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Anaesthesia


Title:The effect of cardiac output changes on end-expired volatile anaesthetic concentrations--a theoretical study
Author(s):Kennedy, R. R.Baker, A. B.
Address:Department of Anaesthesia, The Christchurch School of Medicine, Christchurch, New Zealand. ross.kennedy@chmeds.ac.nz
Year:2001 Nov
Journal Title:Anaesthesia
Page Number:1034-40
Language:eng
Volume:56
Issue:11
ISSN/ISBN:0003-2409 (Print). 0003-2409 (Linking)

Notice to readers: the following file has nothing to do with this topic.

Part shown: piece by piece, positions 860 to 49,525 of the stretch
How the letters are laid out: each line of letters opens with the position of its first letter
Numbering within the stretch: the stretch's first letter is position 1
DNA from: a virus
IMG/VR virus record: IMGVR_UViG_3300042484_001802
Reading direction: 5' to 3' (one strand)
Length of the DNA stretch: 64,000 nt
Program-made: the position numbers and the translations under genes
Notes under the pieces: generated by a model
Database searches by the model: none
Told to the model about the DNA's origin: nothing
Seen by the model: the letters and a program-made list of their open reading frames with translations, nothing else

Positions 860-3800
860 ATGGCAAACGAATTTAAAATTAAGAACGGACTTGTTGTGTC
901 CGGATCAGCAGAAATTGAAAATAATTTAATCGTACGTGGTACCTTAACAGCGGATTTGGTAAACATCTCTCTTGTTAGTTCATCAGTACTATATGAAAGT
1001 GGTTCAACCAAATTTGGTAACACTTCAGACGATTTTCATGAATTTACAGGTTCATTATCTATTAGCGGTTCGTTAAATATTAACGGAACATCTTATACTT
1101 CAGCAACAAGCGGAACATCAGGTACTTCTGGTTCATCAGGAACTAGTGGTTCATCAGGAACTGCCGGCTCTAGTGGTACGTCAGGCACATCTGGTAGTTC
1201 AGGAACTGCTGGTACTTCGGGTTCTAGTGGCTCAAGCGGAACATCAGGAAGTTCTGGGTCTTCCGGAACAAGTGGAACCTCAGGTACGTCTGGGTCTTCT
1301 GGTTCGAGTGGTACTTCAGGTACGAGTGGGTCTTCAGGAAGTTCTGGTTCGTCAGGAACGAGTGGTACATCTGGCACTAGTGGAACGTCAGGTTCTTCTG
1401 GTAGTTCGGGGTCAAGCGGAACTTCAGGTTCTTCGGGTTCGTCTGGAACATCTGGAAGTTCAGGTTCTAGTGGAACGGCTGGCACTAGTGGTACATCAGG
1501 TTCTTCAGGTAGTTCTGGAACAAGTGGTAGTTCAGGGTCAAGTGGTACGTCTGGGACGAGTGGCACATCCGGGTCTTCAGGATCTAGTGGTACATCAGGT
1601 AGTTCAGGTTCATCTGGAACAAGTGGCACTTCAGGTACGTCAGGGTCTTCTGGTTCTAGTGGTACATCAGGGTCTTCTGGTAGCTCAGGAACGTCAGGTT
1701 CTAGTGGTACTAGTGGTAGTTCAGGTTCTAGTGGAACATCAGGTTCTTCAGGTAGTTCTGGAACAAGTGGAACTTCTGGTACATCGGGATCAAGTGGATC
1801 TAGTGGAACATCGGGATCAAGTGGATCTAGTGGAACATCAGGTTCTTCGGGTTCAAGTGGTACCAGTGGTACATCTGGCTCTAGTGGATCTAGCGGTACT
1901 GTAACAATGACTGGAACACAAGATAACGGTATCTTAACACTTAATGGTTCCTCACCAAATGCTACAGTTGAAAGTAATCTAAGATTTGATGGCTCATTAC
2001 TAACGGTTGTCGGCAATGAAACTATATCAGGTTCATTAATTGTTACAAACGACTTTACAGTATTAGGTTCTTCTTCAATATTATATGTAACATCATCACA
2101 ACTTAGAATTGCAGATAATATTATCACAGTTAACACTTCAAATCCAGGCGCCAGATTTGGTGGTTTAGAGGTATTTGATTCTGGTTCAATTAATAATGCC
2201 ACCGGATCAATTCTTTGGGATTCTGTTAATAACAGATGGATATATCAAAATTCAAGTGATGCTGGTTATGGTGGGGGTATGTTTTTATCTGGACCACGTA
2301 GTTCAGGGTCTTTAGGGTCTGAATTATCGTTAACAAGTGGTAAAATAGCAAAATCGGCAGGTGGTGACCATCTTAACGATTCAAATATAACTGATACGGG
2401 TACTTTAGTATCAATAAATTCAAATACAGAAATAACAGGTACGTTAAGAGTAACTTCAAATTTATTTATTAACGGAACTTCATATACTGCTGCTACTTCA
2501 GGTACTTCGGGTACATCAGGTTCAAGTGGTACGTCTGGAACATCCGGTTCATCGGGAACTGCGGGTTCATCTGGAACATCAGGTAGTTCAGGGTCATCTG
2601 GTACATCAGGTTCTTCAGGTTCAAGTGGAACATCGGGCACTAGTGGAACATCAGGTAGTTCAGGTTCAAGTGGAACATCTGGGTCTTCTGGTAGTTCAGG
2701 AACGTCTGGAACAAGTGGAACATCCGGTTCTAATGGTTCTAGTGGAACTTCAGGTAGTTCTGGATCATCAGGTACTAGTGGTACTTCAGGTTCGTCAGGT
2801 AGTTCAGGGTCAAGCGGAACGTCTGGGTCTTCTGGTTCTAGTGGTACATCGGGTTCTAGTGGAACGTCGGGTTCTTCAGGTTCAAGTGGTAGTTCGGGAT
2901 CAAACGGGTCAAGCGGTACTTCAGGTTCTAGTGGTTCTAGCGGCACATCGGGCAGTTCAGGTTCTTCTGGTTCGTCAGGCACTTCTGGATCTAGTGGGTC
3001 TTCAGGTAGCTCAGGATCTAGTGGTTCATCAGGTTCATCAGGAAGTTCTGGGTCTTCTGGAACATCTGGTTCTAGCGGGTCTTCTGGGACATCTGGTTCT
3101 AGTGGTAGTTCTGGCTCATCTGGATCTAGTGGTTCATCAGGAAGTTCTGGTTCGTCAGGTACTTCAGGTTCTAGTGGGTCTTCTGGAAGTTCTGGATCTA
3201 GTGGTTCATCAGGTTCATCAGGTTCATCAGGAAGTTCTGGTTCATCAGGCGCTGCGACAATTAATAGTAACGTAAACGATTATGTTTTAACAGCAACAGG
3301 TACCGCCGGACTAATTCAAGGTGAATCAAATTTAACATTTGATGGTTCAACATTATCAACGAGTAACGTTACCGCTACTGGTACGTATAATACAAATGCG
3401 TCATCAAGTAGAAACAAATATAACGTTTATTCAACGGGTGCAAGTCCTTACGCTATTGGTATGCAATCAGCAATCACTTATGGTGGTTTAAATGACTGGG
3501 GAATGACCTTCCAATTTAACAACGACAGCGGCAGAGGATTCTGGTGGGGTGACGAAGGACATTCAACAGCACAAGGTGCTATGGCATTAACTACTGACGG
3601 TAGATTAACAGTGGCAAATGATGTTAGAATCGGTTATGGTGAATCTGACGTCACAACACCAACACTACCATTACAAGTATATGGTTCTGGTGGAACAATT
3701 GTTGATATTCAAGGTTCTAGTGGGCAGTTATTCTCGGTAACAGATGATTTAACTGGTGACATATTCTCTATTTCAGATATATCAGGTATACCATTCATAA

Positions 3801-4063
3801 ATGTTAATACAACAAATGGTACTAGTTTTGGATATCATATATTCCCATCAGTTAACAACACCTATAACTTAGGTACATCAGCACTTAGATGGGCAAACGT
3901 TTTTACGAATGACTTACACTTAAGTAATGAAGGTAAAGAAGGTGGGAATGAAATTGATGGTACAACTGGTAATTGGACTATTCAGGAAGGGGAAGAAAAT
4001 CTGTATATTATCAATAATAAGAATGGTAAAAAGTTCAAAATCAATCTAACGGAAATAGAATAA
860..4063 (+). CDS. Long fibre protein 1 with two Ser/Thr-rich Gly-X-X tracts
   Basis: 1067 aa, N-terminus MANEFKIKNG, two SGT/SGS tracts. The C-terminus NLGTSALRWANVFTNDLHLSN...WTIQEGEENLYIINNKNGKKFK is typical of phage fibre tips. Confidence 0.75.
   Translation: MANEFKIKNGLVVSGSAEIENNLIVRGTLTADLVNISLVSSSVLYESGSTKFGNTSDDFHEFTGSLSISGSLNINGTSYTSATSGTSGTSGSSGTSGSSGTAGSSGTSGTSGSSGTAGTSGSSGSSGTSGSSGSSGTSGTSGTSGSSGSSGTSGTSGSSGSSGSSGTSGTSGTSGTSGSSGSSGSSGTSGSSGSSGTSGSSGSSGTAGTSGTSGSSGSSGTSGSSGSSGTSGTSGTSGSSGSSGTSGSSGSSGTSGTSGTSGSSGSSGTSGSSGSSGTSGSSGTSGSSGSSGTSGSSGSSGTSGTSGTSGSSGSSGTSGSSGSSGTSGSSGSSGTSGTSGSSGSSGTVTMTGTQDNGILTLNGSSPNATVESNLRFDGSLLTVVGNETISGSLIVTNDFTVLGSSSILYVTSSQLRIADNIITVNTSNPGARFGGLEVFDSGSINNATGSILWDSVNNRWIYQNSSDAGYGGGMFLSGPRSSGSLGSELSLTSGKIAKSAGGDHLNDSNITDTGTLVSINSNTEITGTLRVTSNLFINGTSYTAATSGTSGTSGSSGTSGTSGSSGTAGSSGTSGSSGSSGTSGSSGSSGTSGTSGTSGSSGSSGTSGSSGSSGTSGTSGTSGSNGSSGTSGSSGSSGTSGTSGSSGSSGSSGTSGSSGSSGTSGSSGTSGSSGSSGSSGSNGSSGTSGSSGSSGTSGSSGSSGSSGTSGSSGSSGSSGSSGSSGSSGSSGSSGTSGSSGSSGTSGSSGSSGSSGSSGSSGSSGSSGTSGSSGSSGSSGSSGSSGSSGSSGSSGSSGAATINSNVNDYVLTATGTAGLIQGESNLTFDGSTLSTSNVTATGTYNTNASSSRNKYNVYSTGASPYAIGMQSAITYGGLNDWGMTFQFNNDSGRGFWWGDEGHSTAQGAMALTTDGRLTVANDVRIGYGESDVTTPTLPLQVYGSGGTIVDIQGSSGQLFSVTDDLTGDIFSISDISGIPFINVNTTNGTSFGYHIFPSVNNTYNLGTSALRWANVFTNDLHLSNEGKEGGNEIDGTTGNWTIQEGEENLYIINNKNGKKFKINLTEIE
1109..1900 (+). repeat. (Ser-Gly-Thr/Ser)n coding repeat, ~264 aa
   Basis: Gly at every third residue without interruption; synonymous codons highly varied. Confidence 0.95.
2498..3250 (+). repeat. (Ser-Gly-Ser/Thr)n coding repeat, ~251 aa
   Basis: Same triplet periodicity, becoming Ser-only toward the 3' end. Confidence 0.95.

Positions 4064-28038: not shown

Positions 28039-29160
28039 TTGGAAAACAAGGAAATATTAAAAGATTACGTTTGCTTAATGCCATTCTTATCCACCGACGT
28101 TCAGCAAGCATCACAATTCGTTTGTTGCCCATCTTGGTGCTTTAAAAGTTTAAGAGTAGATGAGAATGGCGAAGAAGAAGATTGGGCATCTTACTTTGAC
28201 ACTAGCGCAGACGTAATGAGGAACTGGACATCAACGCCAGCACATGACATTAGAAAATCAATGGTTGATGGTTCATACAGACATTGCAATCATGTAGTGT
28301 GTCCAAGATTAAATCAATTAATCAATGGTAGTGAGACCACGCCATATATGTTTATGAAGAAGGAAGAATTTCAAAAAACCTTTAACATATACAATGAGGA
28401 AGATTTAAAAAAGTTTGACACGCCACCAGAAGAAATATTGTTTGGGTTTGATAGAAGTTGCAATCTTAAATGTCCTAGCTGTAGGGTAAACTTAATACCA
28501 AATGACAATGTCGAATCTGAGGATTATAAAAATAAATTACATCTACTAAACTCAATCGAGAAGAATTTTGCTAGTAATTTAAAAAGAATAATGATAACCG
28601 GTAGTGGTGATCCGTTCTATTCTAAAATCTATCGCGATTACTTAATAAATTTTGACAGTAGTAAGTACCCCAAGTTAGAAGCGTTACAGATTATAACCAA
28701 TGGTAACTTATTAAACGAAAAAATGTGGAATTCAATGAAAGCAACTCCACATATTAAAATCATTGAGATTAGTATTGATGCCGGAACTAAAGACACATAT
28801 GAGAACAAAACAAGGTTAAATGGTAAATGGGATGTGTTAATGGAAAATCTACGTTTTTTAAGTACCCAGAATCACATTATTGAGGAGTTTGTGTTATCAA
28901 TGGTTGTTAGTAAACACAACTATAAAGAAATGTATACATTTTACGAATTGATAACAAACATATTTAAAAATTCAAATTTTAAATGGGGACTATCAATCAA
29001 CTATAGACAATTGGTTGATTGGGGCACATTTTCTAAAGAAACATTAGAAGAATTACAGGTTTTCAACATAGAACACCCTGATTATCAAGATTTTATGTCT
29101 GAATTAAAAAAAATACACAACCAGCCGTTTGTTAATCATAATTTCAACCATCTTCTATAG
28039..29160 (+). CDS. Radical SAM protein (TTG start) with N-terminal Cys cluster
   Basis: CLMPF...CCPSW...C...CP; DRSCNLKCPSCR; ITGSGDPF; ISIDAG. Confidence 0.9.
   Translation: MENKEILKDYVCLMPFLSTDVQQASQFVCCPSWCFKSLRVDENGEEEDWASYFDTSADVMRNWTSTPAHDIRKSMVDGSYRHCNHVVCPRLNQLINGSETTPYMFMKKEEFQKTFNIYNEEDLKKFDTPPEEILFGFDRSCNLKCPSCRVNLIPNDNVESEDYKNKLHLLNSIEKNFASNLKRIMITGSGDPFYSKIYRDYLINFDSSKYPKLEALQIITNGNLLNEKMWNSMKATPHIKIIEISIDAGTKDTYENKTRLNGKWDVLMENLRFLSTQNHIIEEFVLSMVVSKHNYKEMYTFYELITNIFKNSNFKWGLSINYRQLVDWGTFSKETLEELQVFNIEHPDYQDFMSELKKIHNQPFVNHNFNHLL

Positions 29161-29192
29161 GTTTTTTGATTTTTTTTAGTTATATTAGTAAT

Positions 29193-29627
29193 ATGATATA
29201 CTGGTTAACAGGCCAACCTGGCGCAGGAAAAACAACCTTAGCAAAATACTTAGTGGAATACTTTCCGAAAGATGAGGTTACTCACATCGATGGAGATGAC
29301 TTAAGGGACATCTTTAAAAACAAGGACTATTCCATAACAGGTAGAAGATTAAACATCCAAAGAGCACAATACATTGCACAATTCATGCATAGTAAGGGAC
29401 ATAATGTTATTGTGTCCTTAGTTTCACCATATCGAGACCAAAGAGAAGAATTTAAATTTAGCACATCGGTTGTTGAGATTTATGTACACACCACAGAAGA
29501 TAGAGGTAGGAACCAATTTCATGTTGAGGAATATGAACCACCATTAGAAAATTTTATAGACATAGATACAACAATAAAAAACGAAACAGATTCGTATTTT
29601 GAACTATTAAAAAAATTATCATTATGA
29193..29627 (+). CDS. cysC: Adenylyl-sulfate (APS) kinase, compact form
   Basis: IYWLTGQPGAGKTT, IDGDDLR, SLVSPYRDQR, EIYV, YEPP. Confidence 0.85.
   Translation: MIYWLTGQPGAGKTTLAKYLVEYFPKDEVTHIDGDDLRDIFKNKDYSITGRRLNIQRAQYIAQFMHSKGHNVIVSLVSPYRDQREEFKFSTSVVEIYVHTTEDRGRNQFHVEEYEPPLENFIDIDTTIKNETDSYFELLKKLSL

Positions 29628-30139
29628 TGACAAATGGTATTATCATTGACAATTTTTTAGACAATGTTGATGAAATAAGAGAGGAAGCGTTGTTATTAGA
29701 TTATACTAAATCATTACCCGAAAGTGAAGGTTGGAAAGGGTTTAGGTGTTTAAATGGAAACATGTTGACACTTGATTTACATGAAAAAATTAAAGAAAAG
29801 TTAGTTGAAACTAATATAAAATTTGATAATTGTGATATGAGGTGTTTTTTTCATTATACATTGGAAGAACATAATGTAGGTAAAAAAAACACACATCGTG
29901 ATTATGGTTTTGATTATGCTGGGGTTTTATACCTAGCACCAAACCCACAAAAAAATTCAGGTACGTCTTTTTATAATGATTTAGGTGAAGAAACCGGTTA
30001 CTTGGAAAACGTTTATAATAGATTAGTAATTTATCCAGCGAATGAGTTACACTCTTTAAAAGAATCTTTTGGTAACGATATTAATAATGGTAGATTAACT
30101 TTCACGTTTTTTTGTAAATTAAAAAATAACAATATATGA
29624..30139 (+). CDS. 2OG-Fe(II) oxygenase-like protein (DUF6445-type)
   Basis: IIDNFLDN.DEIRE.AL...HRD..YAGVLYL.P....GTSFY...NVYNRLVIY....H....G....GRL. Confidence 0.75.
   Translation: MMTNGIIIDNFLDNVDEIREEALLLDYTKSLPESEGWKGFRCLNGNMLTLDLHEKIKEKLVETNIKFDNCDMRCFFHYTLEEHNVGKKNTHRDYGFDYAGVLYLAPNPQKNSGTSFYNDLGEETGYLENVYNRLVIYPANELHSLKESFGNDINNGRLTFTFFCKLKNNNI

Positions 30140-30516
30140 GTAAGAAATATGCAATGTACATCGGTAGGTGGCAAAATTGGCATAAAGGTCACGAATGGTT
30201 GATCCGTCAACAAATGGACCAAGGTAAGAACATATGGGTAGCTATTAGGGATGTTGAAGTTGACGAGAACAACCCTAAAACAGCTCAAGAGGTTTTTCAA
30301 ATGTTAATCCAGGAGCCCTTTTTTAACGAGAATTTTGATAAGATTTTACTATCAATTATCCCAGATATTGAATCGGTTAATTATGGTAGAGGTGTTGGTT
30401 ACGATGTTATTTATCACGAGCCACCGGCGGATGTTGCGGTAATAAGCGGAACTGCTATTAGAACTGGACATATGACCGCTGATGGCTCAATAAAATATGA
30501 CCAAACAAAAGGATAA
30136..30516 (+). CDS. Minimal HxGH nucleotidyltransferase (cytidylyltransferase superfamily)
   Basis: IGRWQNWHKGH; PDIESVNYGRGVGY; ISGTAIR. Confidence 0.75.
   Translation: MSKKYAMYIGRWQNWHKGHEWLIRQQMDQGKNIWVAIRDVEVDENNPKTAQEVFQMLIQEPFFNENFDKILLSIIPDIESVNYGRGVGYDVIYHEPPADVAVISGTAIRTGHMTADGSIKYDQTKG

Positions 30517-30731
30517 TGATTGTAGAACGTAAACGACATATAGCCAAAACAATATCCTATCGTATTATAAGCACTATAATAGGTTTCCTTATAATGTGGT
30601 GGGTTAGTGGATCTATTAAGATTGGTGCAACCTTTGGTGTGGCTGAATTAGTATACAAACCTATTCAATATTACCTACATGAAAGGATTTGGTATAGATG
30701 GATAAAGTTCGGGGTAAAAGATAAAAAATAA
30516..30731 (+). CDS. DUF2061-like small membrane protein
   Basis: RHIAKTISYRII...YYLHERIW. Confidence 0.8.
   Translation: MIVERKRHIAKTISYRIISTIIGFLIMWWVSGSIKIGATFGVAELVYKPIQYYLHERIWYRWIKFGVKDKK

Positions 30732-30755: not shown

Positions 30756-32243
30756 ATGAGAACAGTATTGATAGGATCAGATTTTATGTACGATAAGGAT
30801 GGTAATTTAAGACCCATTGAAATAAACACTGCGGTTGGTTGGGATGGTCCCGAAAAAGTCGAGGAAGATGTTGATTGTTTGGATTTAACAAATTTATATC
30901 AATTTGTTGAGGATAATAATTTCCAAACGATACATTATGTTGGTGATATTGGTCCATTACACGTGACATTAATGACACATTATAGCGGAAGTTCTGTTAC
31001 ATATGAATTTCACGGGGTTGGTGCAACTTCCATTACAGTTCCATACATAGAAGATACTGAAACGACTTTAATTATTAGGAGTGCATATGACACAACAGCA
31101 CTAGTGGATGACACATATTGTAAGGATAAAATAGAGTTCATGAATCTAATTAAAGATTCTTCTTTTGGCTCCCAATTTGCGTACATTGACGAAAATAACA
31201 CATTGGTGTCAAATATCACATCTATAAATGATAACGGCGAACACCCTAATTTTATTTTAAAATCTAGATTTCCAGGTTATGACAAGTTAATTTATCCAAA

Abstract:Cardiac output is one of the major determinants of the rate of uptake, and therefore the end-expired concentration (F(E')) of volatile anaesthetic agents. The purpose of this theoretical study was to explore the effect of cardiac output changes on F(E') for a range of volatile anaesthetics. A multicompartment model of anaesthetic uptake and distribution which produces constant values of F(E') was used. The minimum detectable change in cardiac output was determined for a variety of anaesthetic agents for four patterns of cardiac output change. The effect of a step change in cardiac output from 5 to 10 l.min(-1) was also recorded. The smallest cardiac output changes (average 33%) were detected with isoflurane. As blood solubility increased or decreased, larger cardiac output changes were needed before they could be detected. With a large step change in cardiac output and with increasing solubility, the final change in F(E') increased but the initial rate of change of F(E') is decreased. A significant cardiac output change will produce a change in volatile anaesthetic uptake. An unexpected change in F(E') should be considered as a possible signal of a sudden cardiac output change. The difference between agents may represent a balance between the amount of agent taken up and the size of the tissue 'sink' for that agent.

 
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